Almost every time I habitually sought out communities or people to speak to in the past, though, I almost always felt like I had simply wasted my time, in the end. The people I encountered didn’t seem interesting, or they didn’t want to speak about the things I wanted to speak about. I didn’t like their mannerisms or ways of speaking. They didn’t share any interests. They bored me. They didn’t seem to care about what I had to say. I didn’t care about what they had to say.

Whenever I did occasionally find people to speak to, I often had one interesting conversation with them and then never spoke to them again, or only did so a few times.

There have been a few much appreciated anomalies, but they have been very rare.

One reason that I don’t want to touch applications like Discord (and other social media platforms) again is because I know that I will likely want to seek that kind of thing out again, instinctively. I do trust myself to be able to hold back if I really want to, but I still don’t like the idea of being able to fall back into that habit so easily, and the idea of being active on platforms that seem to so readily encourage users to seek out such things.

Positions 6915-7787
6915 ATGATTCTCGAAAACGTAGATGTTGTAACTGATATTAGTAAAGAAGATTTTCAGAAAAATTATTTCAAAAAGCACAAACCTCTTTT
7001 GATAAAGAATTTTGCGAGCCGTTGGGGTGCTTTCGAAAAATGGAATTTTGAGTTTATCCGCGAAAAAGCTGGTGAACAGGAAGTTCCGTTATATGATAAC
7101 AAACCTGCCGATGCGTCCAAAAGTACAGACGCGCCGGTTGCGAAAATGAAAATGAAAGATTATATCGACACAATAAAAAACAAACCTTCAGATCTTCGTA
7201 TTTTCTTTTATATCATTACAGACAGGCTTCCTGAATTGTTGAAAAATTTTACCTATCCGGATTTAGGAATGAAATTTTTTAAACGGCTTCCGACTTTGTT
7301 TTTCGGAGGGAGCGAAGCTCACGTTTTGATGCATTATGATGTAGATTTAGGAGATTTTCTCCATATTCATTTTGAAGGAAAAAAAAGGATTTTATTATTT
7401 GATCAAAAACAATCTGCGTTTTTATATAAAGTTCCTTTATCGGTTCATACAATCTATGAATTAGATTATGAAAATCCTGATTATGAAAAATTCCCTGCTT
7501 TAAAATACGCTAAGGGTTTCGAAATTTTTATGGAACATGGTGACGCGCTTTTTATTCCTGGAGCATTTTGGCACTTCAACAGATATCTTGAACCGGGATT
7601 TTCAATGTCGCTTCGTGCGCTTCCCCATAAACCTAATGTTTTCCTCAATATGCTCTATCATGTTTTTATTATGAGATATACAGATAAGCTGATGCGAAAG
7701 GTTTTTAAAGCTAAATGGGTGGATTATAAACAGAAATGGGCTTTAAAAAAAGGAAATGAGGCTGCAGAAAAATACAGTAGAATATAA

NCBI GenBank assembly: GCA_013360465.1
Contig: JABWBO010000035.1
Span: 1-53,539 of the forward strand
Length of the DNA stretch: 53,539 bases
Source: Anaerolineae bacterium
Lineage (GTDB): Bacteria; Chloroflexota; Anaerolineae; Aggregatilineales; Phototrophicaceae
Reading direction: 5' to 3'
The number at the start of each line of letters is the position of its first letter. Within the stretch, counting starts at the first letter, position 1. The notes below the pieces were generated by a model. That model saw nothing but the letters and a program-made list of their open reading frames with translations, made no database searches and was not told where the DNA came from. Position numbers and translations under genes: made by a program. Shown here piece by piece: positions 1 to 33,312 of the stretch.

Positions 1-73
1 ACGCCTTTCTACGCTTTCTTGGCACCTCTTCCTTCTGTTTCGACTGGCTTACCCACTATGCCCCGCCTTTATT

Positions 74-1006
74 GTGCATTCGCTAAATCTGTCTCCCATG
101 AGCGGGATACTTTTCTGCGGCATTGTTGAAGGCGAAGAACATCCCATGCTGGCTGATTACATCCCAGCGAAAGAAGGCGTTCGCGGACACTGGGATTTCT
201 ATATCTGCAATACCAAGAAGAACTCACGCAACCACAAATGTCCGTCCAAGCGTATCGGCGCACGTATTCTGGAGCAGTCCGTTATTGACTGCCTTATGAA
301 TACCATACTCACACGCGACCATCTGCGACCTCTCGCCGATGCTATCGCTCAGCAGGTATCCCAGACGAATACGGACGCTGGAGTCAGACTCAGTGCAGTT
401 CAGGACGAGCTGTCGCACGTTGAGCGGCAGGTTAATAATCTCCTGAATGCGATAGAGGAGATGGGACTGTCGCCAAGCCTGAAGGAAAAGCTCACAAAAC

What I really hate is that, instinctively, as soon as I feel lonely, I seem to think of reaching for something like my phone or my computer. It’s like I‘m so scared of loneliness, boredom and of spending time in my own company that I can’t handle more than a few minutes of it.

I know that reaching for those things is not something that I want to do, and is something that almost never feels rewarding, so I have been trying to teach myself not to reach for things like that so quickly for a while now, and I have been trying to spend more time alone with myself, in my own company. I have grown to enjoy it, most of the time. I know that I’m not the only one who does or has done those kinds of things that I now try to avoid, though — definitely not. And that is bothersome. It seems so common, and that thought depresses me rather a lot.

I won't write about them all here right now, but there are plenty of other things that this book has caused me to think about and want to speak about. This book was a very interesting read, a worthwhile one, and one that I would definitely recommend.

For now, I shall include another excerpt.